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'Potter' Witchcraft Bickering Obscures More Urgent Events

As art and politics collide in life-and-death ways around the world, can a sorcery story line be our biggest worry?

November 28, 2001|JOHN ANDERSON | NEWSDAY

The self-anointed of the American right have been all but mum about "Harry Potter and the Sorcerer's Stone." Why? Maybe they're still ducking what hit the fan after Jerry Falwell declared Sept. 11 to have been the fault of our national moral laxity. And maybe even the professionally righteous know it's bad business trashing a movie capable of making $90 million on its opening weekend.

There have been minor outbreaks of virtue, particularly in the Land That Time Forgot--a.k.a. Florida and Texas. "As a Christian parent," Virginia Knowles of Maitland, Fla., told the Orlando Sentinel, "the Bible tells me that sorcery, witchcraft and casting spells are detestable to God and an abomination." So are murder, adultery, lying and theft. But the movies--and Shakespeare--are unimaginable without them.

Potter-phobia isn't confined to the United States. Proving itself less progressive than we suspected, Canada--whose Ottawa film board just reaffirmed its ban on Catherine Breillat's "Fat Girl"--has developed its own brand of nondenominational nitwittism, i.e., the Rev. Louis P. Sheldon, of the conservative Traditional Values Coalition, which issued a release titled "Is Harry Potter a Harmless Fantasy or a Wicca Training Program?"

"While the themes in Harry Potter books do not expressly advocate homosexuality or abortion, these are philosophical beliefs deeply embedded in Wicca," Sheldon says. "The child who is seduced into Wicca witchcraft through Harry Potter books will eventually be introduced to these other concepts." And exposure to "concepts," as most fascist dictators have been well aware, is the first step toward perdition.

Having a problem with Harry isn't really a question of having religion. It's a question of not having a sense of humor. An article in the satiric newspaper the Onion, after publication last year of "Harry Potter and the Goblet of Fire," told how millions of children had turned to Satanism after reading the book; one kid declared that Harry had made her realize that "the Bible is nothing but boring lies."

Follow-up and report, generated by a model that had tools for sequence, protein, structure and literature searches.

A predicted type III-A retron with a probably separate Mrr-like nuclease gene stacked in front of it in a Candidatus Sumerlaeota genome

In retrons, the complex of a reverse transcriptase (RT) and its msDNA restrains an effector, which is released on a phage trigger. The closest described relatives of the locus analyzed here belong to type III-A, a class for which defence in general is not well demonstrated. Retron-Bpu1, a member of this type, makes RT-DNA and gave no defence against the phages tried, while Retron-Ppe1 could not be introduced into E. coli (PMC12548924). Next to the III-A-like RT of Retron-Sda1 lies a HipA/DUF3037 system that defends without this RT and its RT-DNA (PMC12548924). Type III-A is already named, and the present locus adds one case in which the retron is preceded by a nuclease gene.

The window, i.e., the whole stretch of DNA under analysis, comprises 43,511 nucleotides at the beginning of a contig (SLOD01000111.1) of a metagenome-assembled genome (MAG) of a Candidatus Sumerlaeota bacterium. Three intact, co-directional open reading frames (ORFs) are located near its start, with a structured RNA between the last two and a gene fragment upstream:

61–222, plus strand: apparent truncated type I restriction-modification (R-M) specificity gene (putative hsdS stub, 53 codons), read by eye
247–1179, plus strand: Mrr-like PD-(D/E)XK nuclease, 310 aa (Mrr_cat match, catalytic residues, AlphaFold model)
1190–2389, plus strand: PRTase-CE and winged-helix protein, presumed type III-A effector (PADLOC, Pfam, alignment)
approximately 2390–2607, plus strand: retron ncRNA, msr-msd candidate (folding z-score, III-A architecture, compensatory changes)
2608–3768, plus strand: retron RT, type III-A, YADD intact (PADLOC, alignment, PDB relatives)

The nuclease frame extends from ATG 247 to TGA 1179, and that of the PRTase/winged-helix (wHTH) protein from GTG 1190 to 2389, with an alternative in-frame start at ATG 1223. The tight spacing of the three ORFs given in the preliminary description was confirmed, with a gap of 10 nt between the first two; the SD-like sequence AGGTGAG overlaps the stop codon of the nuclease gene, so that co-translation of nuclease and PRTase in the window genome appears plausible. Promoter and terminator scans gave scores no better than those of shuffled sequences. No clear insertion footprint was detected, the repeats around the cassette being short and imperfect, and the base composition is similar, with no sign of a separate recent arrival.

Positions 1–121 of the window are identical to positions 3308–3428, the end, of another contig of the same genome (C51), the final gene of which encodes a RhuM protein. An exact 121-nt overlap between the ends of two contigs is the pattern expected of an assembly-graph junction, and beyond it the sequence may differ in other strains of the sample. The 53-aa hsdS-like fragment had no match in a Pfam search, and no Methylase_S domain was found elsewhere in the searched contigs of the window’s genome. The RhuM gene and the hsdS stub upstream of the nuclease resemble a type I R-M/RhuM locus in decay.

What happened? The story was taken seriously, circulated as fact on the Internet and used to increase opposition to the wizard kid with the lightning scar on his head (a.k.a. the Mark of Cain, or an homage to Hitler's SS).

This would all be quite funny, if more urgent events weren't occurring in the world of film, matters of life and death.

At the recent Hamptons Film Festival, the documentary "Operation Storm" chronicled the commission of war crimes by Croats in summer 1995. The film created an outrage among Croatian groups internationally; letters of protest were sent to the festival's programmers, and Croatia's parliament even denounced the movie.

Two weeks ago, the film's director, Bozo Knezevic, was killed in a car crash, the circumstances of which have struck some as suspicious.

"Although many people are asking questions about the way he died," wrote the film's producer, Nenad Puhovski, "there are no positive proofs. However, last night I received an anonymous call saying that Bozo was executed and that 'you are the next one.' Hopefully, this is just another threat."

Puhovski added that on the morning of Knezevic's death, his school's corridors were covered with posters reading, "When is Israel going to apologize to Republic of Croatia because of Nenad Puhovski?" This refers to Croatian president Stjepan Mesic's recent apology for war crimes against Jews during World War II. And the fact that Puhovski is half Jewish.

A little to the south is the case of Tahmineh Milani, one of Iran's more prominent female filmmakers, one with a death sentence hanging over her head. Arrested, jailed for eight days and released on bail earlier this fall, she faces possible execution if convicted in an upcoming trial in Tehran.

The controversy concerns "The Hidden Half," in which Milani depicts the struggle within Iran after the 1979 Islamic Revolution. Besides the charge of "waging war against God," she's been charged with misusing the arts in support of counterrevolutionary and armed opposition groups.

"She got into trouble not because of the film; the film had to go through Iranian censors, so it couldn't be that daring," says Jamsheed Akrami, filmmaker and professor at New Jersey's William Paterson University. "It was what she was saying in interviews, talking about opening up Iranian society. It's another sign that the Iranian political system right now is not monolithic. Different organizations have different agendas, and this is one case where the film was OK with one organization and not OK with another. It was the justice system that went after her."

Milani, he says, is more of a pawn between factions for and against President Mohammad Khatami, who supported Milani's release on bail. In other words, people with political agendas are abusing art for their own devices. It's going on all over. Even here.

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